A mum has hit out at a York school’s decision not to allow her daughter to drink juice in the classroom.
And why does she think her daughter should be able to do this?
Well, she’s got a disability, innit?
Liz Norburn’s seven-year-old daughter, Jessica Hooton, is a pupil at Yearsley Grove Primary School in Huntington and has a doctor’s note to say that, because she suffers from bad cystitis and urine infections, she must drink fluids regularly.
Sharp-eyed readers will have already noted that the word there is ‘fluids’, not ‘fruit juice’…
Well, Ms Norburn has an answer for that:
Ms Norburn said that although the school allows pupils to drink water in class, her daughter will only drink water with juice diluted in it, and if she doesn’t drink she can be left in pain and discomfort.
She’s seven. Seven. Frankly, if she can’t figure out that the ‘pain and discomfort’ is caused by her faddish drinking regime, and moderate her intake accordingly, then she’s got a lot more wrong with her than cystitis…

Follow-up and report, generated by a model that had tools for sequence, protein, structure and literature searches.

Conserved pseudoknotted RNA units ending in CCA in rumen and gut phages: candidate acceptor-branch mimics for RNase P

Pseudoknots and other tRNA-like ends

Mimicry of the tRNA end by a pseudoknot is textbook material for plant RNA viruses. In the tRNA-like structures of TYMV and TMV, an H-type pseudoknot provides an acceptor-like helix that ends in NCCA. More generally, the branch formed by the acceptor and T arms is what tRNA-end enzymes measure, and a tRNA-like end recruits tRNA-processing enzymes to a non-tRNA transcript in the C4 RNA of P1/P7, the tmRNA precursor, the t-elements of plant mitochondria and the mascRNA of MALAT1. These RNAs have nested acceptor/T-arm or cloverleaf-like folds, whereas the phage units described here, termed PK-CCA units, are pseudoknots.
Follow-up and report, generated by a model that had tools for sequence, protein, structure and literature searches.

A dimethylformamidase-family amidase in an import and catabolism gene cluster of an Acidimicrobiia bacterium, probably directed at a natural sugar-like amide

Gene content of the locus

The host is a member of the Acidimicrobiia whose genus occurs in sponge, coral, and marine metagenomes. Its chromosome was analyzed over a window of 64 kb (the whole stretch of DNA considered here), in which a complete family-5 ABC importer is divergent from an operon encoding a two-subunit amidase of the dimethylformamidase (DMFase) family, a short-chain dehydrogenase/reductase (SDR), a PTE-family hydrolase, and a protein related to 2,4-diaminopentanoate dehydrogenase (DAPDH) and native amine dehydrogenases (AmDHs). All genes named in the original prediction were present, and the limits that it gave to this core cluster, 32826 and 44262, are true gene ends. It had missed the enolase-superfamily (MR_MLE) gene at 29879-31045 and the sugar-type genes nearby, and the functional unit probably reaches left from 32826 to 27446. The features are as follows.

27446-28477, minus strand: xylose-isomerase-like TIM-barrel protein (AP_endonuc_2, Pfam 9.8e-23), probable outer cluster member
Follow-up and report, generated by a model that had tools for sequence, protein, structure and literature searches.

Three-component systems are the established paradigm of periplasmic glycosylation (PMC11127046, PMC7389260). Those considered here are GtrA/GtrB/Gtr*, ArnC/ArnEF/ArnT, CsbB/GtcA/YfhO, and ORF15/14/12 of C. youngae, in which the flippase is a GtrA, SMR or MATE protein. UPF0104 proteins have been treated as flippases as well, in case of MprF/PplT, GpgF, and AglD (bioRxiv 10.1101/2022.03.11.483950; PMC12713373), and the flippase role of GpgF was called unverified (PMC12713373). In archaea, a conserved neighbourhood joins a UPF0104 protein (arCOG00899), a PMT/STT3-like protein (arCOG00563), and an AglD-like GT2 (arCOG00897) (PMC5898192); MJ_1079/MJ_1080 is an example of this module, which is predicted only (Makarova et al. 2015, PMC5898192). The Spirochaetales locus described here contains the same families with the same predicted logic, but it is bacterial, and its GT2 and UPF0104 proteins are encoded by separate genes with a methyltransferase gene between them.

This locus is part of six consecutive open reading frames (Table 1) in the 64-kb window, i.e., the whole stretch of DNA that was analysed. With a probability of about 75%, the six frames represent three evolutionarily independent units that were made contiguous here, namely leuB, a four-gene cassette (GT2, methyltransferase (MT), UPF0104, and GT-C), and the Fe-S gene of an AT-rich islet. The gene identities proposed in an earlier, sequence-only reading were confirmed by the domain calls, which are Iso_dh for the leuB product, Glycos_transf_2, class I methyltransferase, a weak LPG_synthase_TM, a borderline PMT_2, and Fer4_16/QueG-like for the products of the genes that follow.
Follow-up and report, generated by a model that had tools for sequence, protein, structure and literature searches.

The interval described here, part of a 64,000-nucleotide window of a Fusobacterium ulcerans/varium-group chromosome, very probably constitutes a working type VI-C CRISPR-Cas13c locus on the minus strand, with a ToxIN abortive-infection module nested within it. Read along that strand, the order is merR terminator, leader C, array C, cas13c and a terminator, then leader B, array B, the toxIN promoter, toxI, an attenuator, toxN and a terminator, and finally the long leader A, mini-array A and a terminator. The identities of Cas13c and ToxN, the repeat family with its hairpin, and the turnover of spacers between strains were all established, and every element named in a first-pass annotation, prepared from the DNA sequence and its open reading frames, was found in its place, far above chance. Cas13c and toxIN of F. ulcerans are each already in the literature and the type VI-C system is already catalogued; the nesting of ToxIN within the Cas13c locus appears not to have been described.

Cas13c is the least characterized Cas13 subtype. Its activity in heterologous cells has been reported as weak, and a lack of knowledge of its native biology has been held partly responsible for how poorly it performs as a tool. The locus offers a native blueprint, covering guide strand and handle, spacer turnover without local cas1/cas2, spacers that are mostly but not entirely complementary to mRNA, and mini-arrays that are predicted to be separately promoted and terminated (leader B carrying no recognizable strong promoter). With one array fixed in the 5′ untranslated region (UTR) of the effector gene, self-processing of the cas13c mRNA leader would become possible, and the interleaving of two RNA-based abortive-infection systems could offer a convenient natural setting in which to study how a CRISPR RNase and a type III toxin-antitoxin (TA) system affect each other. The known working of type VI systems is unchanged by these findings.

But mum is on the warpath at any suggestion that her precious little princess should have to change her drinking regime to fit in with others:
“I feel like Jessica is being singled outand she’s been really upset by it.“If she was in a wheelchair you wouldn’t ask her to leave it outside the classroom door, why ask my daughter to leave her juice in her bag?”
Yes, if you are just picking yourself up off the floor, having fallen to the ground in sheer amazement at the arrogance of comparing an actual, physical disability with her daughter’s faddish drinking requirement, join the club…
The school, admirably, are not backing down:
“Should any child have a health condition which requires them to drink a specific amount of fluid at regular intervals, we would treat this as an official medical procedure to be carried out under supervision in the medical room.”
So, there you are, Ms Mullen. Your daughter can drink water in the classroom like all the other kids, or go to the medical room and sip Orangina under the watchful eye of the school nurse.